Supreme Court Rules

25 January, 2017

Simon Eastman

Yesterday we had the long-awaited ruling from the Supreme Court over whether the Brexit plans must go to a vote in Parliament.

The court ruled 8 to 3 in favour that Theresa May’s government must take it to a vote to get approval before invoking Article 50, starting the divorce proceedings from the EU. It was expected this would be the case, having already been the decision in the High Court but they also decided it was not necessary to get approval from regional assemblies, i.e., Scotland and Northern Ireland, which could have made the process even more challenging than it is proving to be.

As the results were read out the pound strengthened as we would have expected with any possible delays to the Brexit proceedings, but then we saw sterling weaken again significantly losing over half a cent against the single currency in minutes. After a brief recovery, it continued downwards to an overall cent loss by lunchtime. The pound versus US dollar followed a similar path, with initial gains followed by steep loses moving down nearly a cent and a quarter.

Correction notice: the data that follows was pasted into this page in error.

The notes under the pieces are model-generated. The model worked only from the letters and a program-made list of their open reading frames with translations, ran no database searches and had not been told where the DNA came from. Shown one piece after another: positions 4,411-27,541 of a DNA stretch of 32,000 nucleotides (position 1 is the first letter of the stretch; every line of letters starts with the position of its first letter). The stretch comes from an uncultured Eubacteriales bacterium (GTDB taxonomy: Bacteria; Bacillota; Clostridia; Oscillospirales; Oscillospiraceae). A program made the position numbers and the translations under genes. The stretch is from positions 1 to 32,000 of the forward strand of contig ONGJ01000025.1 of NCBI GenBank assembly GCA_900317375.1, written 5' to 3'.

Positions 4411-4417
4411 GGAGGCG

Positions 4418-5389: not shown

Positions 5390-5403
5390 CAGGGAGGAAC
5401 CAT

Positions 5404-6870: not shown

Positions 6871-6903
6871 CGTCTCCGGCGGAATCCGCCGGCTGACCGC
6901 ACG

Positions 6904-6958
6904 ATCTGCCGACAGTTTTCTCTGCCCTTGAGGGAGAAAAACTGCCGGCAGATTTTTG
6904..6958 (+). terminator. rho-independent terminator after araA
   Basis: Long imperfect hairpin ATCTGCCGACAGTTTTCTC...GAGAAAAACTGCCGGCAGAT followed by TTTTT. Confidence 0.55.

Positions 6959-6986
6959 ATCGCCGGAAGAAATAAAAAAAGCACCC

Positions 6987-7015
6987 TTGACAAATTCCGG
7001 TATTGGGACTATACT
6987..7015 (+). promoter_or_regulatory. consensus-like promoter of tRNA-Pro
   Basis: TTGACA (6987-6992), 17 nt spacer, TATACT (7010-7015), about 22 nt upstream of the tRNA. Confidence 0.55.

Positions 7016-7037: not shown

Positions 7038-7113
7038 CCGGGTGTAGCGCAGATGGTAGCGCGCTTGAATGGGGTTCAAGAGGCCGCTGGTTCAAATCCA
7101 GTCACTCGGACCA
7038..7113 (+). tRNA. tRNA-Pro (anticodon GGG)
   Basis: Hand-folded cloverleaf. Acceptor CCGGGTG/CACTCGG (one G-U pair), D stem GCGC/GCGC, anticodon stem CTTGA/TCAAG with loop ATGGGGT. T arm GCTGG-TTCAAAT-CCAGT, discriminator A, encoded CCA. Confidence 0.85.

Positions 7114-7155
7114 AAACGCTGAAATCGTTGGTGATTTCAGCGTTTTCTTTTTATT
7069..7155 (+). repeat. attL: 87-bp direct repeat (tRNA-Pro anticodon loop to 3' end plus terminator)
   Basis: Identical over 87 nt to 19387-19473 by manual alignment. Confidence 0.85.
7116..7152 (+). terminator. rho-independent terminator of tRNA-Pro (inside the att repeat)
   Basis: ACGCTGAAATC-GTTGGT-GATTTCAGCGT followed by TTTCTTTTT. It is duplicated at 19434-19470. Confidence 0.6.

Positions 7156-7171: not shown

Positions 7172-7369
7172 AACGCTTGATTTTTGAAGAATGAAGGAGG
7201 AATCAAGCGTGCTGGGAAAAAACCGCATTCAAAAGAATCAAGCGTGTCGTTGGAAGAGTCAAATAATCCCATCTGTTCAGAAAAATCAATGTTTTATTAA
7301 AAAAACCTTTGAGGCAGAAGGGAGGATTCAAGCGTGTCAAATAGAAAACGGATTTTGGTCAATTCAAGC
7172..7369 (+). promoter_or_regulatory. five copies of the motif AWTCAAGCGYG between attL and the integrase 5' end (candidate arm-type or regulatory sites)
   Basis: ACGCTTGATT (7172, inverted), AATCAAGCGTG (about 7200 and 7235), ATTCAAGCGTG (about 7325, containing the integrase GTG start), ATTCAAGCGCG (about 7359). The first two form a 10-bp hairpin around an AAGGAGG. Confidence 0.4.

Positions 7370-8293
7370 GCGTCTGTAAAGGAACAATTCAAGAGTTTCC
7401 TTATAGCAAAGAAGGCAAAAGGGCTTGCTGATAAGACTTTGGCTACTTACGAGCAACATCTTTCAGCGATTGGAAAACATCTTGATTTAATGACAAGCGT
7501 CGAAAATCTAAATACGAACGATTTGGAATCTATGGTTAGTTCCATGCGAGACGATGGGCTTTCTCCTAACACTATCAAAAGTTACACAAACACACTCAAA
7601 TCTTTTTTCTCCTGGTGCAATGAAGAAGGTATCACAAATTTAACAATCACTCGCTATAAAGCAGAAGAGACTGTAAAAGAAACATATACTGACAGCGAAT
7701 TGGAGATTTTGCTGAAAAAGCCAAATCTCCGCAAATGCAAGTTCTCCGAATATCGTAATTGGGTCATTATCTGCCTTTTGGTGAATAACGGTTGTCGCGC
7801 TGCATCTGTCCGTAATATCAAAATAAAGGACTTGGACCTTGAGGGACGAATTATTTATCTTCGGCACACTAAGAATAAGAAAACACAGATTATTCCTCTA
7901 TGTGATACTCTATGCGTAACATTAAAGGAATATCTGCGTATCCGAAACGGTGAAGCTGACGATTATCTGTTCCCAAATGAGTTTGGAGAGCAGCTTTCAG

The day’s data played little role in the movement of the market as EU manufacturing and services PMI both missed expectations, while UK public sector borrowing figures were lower than forecast.

As lunchtime came and went and the US markets opened, it seems the resistance levels had been tested to the full and sterling gradually clawed back its losses across the board. As earlier, the data did little to sway things as Markit services data came in higher but new homes sales lower than expectations. The US investor sentiment apparently felt the parliamentary vote more significant than its European counterparties as the pound clawed back all its previous losses and some.

So as the dust settles and the Brexiteers look to move forward its likely sentiment towards the pound will be shakey at best. As in recent weeks, when the Pound has made any gains, it’s often followed by a correction. So those with a currency purchase to make, who didn’t take advantage yesterday afternoon, should give the team a call sooner rather than later today as we have some data releases which could help sterlings demise.

German IFO business sentiment figures come out first thing alongside Italian and French eco stats. The afternoon brings US mortgage and housing data while the UK has nothing of key significance.